The D&D Next discussions of character creation that introduce theme and background are excellent, and look like they'll really help create some interesting and unique characters on a fairly level playing field. There are a few concerns for balance, but that's not what I want to talk about here.

There have been some rumblings that seem to imply that the designers think that theme and background choices can fill in for certain classes, keeping the number of core classes small.

This can't happen!

Thursday, 19 April 2012

Metagaming the Metagamers: Minions

Dominic Matte
In a previous article I looked at the definition and a few examples of metagaming. There are many ways to deal with metagaming players, such as simply talking to them and explaining that a really good roleplayer acts only on information known by the character, or that the player's metagaming is having a negative effect on the game.

The more entertaining (and possibly evil) option is to observe how your players metagame, build situations and encounters to exploit their thinking, and teach them a lesson by turning their expectations on their heads.

This time I'm taking a look at how you can use minions in an encounter to force players to reconsider their assumptions.

Monday, 16 April 2012

How do you organize your dungeon tiles?

Dominic Matte
I'm slowly building a collection of maps and dungeon tiles for my D&D games. I know how I'm going to organize my poster maps because of this excellent article from TheSheDM, but I'm not too sure what to do with my tiles.

Among other things, I have the City, Dungeon, and Wilderness master set boxes. I'm thinking that I should divide my tiles up to fit those themes and put them in ziplock bags in the relevant box. For example, my Dark Sun tiles would go in their own bag in the Wilderness box, and the Underdark tiles would fit in the Dungeon box.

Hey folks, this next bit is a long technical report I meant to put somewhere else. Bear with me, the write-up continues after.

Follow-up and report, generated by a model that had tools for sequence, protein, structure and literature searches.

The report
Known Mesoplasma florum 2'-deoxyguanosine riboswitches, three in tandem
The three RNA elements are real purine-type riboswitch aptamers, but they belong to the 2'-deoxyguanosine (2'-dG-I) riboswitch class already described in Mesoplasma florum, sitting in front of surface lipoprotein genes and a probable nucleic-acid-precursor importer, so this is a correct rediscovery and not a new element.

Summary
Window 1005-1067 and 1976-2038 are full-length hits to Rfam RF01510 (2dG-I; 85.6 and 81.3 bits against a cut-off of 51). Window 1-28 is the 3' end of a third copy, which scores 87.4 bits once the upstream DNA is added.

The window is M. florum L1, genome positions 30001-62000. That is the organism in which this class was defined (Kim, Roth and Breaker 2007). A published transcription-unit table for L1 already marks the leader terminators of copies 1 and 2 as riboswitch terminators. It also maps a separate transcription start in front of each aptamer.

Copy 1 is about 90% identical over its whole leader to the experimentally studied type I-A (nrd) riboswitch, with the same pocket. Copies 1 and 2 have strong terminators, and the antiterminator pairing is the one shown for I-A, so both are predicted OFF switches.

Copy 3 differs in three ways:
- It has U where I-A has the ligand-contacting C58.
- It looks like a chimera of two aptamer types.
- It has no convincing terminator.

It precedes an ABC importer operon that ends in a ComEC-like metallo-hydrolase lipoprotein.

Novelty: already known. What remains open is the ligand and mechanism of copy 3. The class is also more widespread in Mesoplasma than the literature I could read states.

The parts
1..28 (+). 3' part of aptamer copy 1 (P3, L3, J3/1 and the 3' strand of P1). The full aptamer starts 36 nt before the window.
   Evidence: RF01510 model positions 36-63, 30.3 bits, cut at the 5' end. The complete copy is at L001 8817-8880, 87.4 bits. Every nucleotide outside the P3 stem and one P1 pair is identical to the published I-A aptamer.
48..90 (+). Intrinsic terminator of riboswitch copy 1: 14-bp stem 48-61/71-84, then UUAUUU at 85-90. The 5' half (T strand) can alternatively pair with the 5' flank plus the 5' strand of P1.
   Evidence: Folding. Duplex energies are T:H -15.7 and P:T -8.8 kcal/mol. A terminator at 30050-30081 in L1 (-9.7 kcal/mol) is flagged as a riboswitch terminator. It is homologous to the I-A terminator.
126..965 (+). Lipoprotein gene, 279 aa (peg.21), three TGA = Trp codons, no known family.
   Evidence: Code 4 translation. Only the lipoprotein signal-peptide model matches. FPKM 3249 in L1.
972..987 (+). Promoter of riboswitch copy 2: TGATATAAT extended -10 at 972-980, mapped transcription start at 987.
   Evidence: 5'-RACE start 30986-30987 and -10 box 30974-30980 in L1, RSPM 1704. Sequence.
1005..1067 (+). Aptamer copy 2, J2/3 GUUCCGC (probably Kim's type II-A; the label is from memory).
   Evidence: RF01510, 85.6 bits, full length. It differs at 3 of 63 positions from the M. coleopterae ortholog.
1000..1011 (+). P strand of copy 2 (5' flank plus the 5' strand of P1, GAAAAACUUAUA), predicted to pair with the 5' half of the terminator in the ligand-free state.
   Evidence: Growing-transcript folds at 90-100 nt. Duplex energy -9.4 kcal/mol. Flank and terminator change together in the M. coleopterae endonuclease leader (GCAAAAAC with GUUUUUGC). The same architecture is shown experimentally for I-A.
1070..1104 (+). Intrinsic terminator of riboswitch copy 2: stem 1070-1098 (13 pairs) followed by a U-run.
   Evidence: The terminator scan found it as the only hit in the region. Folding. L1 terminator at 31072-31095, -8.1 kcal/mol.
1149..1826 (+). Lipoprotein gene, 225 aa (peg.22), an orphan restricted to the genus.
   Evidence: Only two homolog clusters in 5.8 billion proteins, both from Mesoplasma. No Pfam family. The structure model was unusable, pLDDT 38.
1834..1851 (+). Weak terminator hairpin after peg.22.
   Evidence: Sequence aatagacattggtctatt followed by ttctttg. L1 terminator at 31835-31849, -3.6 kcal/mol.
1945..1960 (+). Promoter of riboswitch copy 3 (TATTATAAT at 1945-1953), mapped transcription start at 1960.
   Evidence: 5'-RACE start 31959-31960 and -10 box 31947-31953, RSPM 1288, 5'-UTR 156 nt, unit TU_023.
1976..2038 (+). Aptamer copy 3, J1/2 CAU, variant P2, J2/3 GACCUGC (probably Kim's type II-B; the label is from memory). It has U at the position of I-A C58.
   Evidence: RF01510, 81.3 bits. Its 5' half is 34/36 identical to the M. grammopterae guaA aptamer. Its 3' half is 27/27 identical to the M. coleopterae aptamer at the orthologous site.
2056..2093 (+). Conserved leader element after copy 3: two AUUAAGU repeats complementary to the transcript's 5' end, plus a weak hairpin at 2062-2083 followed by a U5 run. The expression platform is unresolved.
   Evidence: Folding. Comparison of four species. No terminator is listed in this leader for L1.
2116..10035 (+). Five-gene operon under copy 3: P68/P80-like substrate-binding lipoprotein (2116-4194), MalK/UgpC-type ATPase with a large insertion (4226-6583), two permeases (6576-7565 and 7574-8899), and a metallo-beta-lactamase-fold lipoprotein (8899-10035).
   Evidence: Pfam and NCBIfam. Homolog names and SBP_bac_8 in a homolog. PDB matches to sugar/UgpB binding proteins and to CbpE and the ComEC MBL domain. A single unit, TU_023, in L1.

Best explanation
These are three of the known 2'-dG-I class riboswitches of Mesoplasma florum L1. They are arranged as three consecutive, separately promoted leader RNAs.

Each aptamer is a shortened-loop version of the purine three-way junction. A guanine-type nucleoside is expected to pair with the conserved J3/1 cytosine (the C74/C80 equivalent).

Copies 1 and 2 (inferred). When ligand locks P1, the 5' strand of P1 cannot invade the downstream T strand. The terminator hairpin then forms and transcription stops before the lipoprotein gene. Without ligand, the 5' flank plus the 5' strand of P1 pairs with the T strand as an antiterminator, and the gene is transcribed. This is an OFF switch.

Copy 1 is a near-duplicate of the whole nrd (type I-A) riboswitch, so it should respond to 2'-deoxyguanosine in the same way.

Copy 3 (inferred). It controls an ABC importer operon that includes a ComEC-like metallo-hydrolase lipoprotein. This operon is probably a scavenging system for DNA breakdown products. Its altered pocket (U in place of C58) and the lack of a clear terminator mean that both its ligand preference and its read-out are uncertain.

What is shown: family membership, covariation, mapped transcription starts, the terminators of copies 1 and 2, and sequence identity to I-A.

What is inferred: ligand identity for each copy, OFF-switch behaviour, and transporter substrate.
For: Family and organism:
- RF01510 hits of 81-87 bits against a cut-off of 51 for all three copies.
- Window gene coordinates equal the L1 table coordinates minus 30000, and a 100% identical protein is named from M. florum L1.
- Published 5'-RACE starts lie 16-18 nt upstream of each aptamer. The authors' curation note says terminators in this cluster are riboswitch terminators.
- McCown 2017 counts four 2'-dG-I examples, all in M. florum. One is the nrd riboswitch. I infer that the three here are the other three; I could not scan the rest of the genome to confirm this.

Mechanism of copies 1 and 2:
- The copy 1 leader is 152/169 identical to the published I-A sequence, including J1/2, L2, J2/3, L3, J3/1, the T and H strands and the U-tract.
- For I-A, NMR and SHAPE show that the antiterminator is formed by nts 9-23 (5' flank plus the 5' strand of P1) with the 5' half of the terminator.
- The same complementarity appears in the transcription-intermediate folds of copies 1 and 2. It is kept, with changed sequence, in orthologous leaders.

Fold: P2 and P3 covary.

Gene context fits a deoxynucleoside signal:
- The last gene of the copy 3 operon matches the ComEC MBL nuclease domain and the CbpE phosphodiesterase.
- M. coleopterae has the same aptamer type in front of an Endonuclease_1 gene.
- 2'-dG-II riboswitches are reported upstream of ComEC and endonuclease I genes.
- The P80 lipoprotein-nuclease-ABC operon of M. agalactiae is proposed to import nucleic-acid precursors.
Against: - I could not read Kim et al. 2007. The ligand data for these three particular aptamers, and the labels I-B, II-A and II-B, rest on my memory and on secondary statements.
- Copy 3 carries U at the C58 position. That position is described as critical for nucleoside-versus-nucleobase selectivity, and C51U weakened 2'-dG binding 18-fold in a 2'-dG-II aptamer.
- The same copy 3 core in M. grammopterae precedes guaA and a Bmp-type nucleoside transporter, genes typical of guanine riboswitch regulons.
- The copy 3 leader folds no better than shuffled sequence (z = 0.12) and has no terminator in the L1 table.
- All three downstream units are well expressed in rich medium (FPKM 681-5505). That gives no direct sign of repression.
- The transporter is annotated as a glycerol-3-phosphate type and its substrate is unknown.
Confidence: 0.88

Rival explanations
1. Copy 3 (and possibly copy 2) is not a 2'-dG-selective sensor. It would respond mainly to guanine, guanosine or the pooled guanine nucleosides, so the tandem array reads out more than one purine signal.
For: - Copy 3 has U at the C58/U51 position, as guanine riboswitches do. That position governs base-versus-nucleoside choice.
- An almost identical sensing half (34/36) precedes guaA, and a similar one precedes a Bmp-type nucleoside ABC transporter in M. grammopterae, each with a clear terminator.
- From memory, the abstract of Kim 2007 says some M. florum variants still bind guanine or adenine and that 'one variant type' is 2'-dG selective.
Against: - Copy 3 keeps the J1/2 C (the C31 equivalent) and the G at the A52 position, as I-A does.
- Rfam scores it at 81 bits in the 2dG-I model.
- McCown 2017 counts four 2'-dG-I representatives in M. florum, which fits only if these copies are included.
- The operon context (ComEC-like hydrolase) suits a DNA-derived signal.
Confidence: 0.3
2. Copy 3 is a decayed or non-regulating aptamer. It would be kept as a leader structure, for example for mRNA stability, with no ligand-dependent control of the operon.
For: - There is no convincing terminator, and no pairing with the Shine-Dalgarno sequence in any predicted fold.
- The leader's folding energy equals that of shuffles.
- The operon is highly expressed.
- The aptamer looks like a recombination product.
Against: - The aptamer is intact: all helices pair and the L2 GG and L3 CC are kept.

But this solution seems a little lacking given the sheer variety in each tile set. It did occur to me to keep each tile sheet in a plastic protector like in the above solution for poster maps. That would allow me to see both sides of each tile easily, but it comes with the functional downside of having to put the tiles back into the sheet every time I use some, and it won't stop them from falling out of the slots and clumping at the bottom during transport.

Should I have a bag for major battlefield landmarks, like the Wilderness set's cabin, ruined tower, and giant skeleton? 
Should I have subcategories for the size of tiles, even though similarly-sized tiles don't have much in common?
Should I categorize tiles by content, like pits or ruins? That ignores the back side of the tile.

What are your dungeon tile organization solutions? I'd love to hear about them in the comments, and feature my favourites in a future article.

Saturday, 14 April 2012

Dynamic Encounters: King-of-the-Hill

Dominic Matte
Looking for ways to keep your combats engaging and exciting? The Dynamic Encounters series will get you started!